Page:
In addition, Bankman-Fried was assuring customers that FTX funds were safe even as staff began sealing the exits and billions of dollars were being transferred from FTX to Alameda, to say nothing of his self-confessed scheme to use charity and regulatory engagement as a smokescreen for what amounted to an enormous Ponzi.

Ellison is listening to her lawyers

Bankman-Fried’s behavior in the wake of the FTX collapse starkly contrasts with that of Ellison, who seems to actually be listening to the lawyers.

Besides a short series of tweets as the story unfolded, Ellison has been radio silent: no weeping lamentations on social media, no NYT interviews, no on-stage appearances. These approaches have obviously led to dramatically different optics. While Bankman-Fried was callously confessing to Vox that his effective altruism shtick was a front, Ellison was nowhere to be seen. And now it seems that as Bankman-Fried was spending this past weekend with the FT, clumsily walking back his prior statements about not knowing anything about Alameda’s financial health, Ellison was spending her time where it matters: in front of investigators.

Ira Sorkin, who famously represented Bernie Madoff, gave Bankman-Fried a warning via Bloomberg:

“You’re not going to sway the public. The only people that are going to listen to what you have to say are regulators and prosecutors.”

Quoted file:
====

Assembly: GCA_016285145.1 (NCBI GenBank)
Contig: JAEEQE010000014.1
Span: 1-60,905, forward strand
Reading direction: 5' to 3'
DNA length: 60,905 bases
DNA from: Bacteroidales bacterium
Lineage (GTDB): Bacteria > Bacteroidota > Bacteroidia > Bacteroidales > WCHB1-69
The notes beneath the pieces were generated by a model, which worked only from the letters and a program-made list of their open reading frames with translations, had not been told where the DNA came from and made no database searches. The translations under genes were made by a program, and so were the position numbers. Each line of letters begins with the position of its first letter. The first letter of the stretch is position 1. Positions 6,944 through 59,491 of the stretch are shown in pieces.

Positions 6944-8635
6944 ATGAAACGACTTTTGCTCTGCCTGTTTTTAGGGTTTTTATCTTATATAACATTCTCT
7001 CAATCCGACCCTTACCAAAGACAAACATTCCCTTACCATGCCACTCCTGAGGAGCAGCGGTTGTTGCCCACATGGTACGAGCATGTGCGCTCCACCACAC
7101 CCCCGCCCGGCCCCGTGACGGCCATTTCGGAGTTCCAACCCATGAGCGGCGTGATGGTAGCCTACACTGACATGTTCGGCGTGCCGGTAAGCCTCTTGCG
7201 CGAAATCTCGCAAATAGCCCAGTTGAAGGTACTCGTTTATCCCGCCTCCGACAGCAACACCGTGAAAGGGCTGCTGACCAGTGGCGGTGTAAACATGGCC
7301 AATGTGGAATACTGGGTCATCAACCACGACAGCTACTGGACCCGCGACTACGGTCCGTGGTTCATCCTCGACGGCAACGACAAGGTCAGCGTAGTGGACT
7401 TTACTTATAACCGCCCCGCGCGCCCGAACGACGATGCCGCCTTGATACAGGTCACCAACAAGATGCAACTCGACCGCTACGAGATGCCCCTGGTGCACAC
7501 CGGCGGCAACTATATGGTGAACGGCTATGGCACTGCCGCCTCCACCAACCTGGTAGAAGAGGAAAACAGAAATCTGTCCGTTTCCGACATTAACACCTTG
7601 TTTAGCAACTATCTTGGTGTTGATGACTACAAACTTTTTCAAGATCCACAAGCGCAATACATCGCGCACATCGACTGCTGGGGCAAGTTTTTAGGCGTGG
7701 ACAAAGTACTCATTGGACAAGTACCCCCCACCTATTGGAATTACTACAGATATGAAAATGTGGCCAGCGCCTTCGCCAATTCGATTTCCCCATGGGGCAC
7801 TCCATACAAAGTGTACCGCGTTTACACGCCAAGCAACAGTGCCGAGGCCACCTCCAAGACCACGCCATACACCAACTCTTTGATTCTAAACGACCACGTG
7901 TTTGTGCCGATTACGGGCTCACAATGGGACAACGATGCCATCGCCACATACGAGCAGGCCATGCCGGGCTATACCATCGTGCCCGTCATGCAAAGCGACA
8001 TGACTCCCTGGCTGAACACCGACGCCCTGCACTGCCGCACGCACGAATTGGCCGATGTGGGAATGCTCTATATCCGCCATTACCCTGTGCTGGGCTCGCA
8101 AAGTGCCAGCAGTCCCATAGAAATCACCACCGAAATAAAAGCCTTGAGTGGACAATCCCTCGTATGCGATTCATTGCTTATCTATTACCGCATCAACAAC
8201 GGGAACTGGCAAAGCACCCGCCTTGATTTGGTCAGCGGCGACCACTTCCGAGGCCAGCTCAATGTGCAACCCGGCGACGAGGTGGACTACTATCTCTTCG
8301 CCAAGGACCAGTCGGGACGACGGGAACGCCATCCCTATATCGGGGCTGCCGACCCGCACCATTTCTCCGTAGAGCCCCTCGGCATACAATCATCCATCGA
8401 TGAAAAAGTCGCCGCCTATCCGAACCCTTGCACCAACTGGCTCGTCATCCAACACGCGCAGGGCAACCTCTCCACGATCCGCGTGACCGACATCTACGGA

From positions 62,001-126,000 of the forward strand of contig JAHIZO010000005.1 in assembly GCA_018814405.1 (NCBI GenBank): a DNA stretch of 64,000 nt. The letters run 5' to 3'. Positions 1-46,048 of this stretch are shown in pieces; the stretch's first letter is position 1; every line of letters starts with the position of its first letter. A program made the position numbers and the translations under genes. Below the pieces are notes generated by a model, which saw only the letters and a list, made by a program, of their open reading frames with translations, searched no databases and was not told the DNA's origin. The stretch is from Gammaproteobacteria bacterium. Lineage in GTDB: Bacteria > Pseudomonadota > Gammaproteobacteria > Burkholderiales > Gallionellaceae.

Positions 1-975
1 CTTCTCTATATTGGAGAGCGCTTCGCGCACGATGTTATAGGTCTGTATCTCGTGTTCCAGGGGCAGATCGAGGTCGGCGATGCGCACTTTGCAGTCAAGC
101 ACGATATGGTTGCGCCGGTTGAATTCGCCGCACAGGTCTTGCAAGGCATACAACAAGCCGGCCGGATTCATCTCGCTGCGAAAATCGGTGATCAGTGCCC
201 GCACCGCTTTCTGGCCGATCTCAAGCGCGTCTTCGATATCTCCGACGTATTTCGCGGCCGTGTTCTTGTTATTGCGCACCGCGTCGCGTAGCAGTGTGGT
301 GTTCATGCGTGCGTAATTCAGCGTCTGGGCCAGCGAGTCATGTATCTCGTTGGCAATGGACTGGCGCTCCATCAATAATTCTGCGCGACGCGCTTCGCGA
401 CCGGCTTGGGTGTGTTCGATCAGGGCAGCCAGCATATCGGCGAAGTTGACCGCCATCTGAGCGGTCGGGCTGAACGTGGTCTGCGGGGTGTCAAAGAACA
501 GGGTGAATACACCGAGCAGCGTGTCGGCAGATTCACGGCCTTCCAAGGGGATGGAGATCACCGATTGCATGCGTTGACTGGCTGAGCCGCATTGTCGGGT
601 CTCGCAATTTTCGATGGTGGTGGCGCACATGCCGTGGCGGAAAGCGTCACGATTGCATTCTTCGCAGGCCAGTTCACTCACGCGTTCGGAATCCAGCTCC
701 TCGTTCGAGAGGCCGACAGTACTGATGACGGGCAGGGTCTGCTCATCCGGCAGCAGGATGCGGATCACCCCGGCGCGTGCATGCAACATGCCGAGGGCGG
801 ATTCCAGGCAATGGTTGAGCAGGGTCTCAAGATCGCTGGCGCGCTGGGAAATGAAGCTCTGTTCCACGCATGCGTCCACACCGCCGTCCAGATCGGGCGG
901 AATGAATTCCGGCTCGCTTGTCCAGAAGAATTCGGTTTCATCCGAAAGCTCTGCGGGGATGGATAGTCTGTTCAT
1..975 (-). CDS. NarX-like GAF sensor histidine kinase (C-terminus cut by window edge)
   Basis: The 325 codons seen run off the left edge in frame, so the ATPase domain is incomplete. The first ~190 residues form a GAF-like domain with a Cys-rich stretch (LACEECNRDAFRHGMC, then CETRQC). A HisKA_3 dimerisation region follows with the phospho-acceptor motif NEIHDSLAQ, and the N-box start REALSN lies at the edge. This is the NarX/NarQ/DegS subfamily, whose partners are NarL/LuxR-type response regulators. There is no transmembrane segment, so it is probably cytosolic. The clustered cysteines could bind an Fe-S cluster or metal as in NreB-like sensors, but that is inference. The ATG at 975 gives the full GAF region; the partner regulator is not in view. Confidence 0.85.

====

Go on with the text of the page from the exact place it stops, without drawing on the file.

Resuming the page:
Unfortunately for Bankman-Fried, it seems Ellison got there first.

In a delicious bit of irony, it’s this press tour that might have finally pushed Bankman-Friend’s former lover to turn state’s witness. Between the lines of Bankman-Fried’s public statements of the last few weeks have been subtle deflections of responsibility toward other figures within FTX, not least of all Caroline Ellison.

In an interview with New York Magazine published December 1, Bankman-Fried was very clear: he had a good sense of the financials at FTX US and FTX International, but the problem was that the Ellison-run Alameda entity had “gotten leveraged” (ignoring the fact that FTX’s most egregious sin was misappropriating customer funds to plug that hole in Alameda).

Similar buck-passing can be seen in his interview with the New York Times, too:

“I was frankly surprised by how big Alameda’s position was, which points to another failure of oversight on my part and failure to appoint someone to be chiefly in charge of that.”

In a Twitter Spaces session from last Thursday, he responded to a question about Caroline by saying, “Caroline and I had been together for a while. I don’t control her. I never did.”

Though Bankman-Fried has stopped short of explicitly blaming Ellison, he’s spent a lot of energy telling the world that his problem was a lack of oversight over his own company while implicitly highlighting that oversight was given to Ellison.